Chinook Winds Bison Yarn and Fiber
ALL ACROSS AMERICA are American artisans. Working with metal, wood, and the most useful of all, textiles. Inspired by the Serpent. Or was it Eve? Wanting to accessorize with the apple, no doubt.
Amazing, the progress humanity has made in the last 2.6 million years. Global economies have introduced unlimited variety of materials to the practicing. About a years ago we visited the subject of the hand-woven watch cap, featuring Chinook Winds Bison Yarn and Fiber. This popular Montana supplier produced bison yarn knitted for me into a perfect sub-zero watch cap.
This time, Heather, the fabulous Iowan artisan renown for custom woven headgear, reached clear around the globe to return with a perfect cashmere yarn. This particular product is sourced from the western area of Inner Mongolia. A combination of very cold nights and hot days, coupled with living in a pristine, pollution-free, high altitude environment produce amazing cashmere goats with feathery soft down is how MinkYarn explains the quality. Indiana Jones got nothing on Heather!
And from Heather, herself: The cashmere used in your hat is a laceweight which refers to the thickness. Knitting it single stranded would have been much more time-consuming on tiny needles and would have produced a thinner fabric. Instead, I separated each of the two skeins in half and knit the four strands held together as if they were one. This resulted in a thicker, warmer, more durable product. Using a single rib for the brim gives a greater ability to stretch, and using a waffle-type stitch for the crown adds texture and warmth. (Think of the texture on the fabric for thermal wear, or long underwear.)
Quality isn’t cheap. But you’ll get exactly what you want. If you take care of it, you’ll enjoy the product for years and years. Hats by Heather. Special order only.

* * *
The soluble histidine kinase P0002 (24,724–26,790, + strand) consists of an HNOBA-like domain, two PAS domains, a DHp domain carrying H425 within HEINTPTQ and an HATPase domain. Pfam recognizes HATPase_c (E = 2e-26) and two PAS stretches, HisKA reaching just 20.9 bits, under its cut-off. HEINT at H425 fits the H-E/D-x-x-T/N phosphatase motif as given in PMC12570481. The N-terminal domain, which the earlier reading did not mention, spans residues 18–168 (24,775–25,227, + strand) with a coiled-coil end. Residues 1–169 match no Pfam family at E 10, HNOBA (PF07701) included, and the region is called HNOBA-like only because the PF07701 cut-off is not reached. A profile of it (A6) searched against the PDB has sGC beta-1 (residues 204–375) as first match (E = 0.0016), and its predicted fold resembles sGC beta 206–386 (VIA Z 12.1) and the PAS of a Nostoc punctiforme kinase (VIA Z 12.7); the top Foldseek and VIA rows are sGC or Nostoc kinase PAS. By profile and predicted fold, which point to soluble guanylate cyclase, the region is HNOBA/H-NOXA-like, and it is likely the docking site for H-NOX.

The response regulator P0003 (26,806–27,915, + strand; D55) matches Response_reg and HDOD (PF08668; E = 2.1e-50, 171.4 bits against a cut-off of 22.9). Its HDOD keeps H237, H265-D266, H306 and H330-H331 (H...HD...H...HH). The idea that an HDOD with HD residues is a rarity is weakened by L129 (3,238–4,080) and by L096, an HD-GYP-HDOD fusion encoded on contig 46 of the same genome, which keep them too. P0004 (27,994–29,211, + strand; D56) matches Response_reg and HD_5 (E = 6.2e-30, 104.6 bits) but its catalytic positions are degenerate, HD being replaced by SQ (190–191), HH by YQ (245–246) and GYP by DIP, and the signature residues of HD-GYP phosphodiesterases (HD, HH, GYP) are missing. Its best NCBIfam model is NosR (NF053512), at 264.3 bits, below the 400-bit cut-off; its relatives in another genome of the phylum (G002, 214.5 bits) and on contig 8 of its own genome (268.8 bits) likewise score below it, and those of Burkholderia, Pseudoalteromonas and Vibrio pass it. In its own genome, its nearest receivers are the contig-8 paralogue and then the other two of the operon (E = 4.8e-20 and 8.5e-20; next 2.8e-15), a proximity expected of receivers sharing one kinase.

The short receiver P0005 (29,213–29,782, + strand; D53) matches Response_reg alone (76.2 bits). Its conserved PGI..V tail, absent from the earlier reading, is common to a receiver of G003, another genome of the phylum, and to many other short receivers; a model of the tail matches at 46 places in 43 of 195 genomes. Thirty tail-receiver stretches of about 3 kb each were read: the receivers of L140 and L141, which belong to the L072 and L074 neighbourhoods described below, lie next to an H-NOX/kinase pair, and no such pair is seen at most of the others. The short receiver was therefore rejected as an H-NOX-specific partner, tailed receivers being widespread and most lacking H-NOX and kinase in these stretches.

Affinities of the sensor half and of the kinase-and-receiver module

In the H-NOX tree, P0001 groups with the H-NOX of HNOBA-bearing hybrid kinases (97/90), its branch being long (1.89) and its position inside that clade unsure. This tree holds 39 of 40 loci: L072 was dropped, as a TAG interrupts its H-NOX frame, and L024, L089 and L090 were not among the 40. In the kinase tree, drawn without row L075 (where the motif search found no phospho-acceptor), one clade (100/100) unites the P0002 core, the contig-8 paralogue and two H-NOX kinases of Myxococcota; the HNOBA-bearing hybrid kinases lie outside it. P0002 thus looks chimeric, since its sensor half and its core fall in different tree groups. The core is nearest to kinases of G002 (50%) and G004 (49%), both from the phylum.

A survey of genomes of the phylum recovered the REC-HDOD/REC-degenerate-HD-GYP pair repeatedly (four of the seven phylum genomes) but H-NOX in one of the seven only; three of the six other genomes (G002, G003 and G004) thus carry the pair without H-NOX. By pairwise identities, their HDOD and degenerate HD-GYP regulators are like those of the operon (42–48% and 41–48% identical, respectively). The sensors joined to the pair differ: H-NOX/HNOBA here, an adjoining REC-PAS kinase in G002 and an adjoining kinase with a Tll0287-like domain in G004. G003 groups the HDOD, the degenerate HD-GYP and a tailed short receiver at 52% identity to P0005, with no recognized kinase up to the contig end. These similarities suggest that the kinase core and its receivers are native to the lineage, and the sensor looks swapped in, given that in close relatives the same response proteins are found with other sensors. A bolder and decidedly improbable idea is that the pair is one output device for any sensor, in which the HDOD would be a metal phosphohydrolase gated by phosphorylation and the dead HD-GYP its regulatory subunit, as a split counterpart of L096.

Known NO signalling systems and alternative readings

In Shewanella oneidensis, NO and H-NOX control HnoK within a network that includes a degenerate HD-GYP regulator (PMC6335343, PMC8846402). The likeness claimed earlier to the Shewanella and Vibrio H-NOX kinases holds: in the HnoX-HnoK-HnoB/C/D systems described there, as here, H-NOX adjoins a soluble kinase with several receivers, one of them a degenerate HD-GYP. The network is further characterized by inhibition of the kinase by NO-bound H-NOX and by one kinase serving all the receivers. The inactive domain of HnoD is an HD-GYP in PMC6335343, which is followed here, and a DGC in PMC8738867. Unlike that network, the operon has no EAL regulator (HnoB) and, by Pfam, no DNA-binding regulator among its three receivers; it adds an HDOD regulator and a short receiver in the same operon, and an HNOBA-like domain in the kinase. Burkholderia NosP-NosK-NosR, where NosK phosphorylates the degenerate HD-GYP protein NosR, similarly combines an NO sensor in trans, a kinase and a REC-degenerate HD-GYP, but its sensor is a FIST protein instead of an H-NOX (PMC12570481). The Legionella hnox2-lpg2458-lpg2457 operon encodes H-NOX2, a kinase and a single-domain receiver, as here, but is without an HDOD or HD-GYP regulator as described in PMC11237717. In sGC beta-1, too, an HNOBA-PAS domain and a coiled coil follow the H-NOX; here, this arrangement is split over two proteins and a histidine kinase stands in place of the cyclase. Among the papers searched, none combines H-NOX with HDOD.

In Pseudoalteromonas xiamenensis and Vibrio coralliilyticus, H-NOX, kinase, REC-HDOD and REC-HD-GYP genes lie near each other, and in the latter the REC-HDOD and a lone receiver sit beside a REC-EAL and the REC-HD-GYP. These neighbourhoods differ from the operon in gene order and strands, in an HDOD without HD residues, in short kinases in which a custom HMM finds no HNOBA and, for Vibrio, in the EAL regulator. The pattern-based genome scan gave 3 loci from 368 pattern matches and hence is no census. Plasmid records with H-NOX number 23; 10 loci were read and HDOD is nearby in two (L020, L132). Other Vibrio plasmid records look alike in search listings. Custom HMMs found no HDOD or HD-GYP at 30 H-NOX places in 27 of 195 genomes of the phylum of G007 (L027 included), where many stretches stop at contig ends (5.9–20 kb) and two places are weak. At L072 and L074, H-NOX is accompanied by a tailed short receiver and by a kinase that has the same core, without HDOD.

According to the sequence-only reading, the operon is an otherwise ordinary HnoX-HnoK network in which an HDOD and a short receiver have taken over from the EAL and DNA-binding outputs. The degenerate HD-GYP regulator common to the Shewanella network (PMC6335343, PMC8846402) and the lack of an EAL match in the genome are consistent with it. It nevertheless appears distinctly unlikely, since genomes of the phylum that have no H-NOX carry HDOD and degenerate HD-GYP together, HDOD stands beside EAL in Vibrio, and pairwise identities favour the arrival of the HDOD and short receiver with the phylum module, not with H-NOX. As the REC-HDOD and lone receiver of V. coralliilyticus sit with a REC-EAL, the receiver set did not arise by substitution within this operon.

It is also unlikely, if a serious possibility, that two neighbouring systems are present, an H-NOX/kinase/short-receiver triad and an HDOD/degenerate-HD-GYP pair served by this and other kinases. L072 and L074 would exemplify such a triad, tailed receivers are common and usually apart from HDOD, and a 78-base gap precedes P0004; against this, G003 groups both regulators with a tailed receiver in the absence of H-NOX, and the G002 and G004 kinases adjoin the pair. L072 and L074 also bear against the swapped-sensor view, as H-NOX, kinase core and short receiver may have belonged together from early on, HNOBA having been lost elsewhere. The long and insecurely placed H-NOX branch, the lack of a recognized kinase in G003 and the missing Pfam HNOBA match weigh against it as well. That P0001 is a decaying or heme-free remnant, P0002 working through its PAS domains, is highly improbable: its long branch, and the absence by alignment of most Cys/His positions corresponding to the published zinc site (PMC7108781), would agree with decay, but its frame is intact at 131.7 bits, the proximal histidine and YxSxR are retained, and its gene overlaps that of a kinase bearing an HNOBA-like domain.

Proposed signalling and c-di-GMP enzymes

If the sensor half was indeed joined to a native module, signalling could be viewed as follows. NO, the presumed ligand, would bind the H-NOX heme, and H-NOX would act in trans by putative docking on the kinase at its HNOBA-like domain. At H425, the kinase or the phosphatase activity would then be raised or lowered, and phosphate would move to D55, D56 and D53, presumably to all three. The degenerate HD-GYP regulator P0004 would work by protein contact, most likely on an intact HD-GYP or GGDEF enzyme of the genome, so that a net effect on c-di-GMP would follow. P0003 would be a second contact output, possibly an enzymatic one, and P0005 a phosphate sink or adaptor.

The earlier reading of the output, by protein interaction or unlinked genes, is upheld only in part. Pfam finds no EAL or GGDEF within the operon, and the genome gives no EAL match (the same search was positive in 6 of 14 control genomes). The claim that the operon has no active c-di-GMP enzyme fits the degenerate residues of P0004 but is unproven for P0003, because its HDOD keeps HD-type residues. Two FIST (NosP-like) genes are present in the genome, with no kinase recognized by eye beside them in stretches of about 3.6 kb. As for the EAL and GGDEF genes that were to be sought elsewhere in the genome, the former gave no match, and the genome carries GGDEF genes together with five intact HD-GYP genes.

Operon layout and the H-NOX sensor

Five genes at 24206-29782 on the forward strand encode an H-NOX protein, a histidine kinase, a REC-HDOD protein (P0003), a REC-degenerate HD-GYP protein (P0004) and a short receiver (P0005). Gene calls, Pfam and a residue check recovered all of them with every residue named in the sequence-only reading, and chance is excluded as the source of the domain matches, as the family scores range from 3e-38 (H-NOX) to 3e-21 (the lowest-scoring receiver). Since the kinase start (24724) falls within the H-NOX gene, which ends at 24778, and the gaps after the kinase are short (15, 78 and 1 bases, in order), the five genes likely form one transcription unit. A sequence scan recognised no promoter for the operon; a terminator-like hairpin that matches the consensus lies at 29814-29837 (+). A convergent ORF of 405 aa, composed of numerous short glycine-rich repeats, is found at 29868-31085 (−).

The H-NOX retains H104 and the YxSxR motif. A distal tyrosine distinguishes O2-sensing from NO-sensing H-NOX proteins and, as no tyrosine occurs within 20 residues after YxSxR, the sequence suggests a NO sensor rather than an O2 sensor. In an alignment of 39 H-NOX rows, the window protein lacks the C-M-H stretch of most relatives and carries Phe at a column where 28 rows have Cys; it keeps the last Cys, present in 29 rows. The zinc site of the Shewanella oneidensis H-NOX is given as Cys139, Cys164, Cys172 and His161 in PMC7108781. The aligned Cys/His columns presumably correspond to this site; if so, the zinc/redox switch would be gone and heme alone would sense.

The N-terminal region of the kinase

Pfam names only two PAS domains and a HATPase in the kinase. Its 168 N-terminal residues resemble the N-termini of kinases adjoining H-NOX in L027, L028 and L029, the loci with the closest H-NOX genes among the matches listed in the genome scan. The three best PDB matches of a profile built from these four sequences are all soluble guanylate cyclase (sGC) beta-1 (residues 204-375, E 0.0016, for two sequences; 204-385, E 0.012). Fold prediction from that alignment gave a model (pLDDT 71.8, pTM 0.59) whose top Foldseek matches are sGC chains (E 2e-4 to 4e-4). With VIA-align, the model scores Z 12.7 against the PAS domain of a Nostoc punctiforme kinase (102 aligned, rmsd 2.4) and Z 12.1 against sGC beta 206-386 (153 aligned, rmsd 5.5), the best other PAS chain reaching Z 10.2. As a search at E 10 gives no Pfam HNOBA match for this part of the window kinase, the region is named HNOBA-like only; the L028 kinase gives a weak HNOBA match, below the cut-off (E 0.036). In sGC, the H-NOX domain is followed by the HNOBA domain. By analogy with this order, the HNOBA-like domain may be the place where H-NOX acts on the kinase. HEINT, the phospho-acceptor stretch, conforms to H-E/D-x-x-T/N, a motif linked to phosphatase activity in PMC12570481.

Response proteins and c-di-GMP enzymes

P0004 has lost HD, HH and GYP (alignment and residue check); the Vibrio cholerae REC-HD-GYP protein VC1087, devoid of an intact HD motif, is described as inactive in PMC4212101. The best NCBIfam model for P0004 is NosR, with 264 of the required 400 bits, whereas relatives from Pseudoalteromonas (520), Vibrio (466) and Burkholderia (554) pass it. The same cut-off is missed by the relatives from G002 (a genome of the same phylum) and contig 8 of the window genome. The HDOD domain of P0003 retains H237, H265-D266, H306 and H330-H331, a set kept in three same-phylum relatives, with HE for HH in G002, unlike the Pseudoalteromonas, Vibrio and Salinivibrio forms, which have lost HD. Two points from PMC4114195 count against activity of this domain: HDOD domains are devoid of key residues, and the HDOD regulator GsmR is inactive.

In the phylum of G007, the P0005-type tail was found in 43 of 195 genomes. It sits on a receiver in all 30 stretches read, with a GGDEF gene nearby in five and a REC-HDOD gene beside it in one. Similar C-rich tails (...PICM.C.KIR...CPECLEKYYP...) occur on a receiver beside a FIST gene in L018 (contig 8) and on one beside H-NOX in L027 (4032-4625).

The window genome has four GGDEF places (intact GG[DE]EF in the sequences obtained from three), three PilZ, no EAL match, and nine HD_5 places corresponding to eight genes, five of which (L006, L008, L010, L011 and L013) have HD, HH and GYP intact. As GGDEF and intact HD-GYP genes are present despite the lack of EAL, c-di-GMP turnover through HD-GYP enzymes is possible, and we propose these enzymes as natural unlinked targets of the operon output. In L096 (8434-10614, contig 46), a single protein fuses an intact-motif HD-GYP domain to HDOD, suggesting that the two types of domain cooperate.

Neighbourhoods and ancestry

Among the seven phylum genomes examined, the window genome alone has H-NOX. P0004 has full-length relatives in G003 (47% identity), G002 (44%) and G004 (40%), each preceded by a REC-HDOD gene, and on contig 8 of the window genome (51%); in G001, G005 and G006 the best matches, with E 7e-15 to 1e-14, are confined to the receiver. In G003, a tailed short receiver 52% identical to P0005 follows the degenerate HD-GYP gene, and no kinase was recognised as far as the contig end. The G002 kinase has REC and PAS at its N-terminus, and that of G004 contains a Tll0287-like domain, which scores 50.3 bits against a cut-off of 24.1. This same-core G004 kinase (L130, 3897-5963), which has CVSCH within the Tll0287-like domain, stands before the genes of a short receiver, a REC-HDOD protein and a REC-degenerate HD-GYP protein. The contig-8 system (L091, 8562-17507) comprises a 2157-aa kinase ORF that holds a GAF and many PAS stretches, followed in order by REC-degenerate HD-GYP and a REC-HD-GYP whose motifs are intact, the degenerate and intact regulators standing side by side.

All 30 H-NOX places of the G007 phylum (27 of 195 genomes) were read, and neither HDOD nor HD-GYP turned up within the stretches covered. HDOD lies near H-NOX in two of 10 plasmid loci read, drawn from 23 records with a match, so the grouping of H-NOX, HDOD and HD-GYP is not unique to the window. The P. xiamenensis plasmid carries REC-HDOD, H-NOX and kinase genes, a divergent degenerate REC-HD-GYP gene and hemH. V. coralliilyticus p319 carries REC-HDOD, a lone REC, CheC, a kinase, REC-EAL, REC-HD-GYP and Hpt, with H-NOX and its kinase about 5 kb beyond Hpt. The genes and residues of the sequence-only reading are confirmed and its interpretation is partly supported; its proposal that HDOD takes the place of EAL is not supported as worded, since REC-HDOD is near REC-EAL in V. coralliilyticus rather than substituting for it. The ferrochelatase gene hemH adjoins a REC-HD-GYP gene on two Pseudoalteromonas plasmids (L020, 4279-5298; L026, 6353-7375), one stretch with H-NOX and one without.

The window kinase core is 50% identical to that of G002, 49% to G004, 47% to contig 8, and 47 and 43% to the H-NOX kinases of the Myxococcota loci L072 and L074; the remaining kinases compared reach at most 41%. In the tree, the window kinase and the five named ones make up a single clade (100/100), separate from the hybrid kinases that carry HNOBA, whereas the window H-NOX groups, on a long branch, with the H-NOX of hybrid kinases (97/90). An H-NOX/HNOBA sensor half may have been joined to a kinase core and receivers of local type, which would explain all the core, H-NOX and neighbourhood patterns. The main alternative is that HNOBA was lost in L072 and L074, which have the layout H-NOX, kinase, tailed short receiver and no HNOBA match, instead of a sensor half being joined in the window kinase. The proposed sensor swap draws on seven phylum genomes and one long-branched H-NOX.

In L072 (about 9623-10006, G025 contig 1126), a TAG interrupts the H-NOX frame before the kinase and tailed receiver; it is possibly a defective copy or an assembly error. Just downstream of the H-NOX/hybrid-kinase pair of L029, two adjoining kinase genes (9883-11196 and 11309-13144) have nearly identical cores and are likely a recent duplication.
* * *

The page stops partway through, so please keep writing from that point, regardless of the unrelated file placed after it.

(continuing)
Chinook Winds harvests fiber from bison, or buffalo as they are commonly called, then blends the fiber with varying amounts of alpaca and/or wool.
All fibers come from animals raised on South Dakota, Montana, and Wyoming ranches. The fibers are processed at regional and US owned mills. Once the yarn comes back from the mill, it is sold in its own beautiful natural colors or kettle-dyed and handpainted in deep rich tones.
Why am I so excited?
Because Heather had some extra time, bottled up on her farm in Iowa, during this famously cold winter. And I asked, very nicely, if she’s knit me an extra warm watch cap with extra special yarn. AND IT’S DONE !!!!!
It’s 70% Rambouillet which is one of the softest wools with high crimp for warmth and bounce, 25% bison which is strong, light, warm, and soft with a micron count comparable to good cashmere, and 5% Suri which is strong, light, warm, and soft. There are two types of alpacas, and Suri makes up only about 10% of the total population. – Heather
Hats by Heather of Iowa. From $55 to $225 delivered. This example cost $125.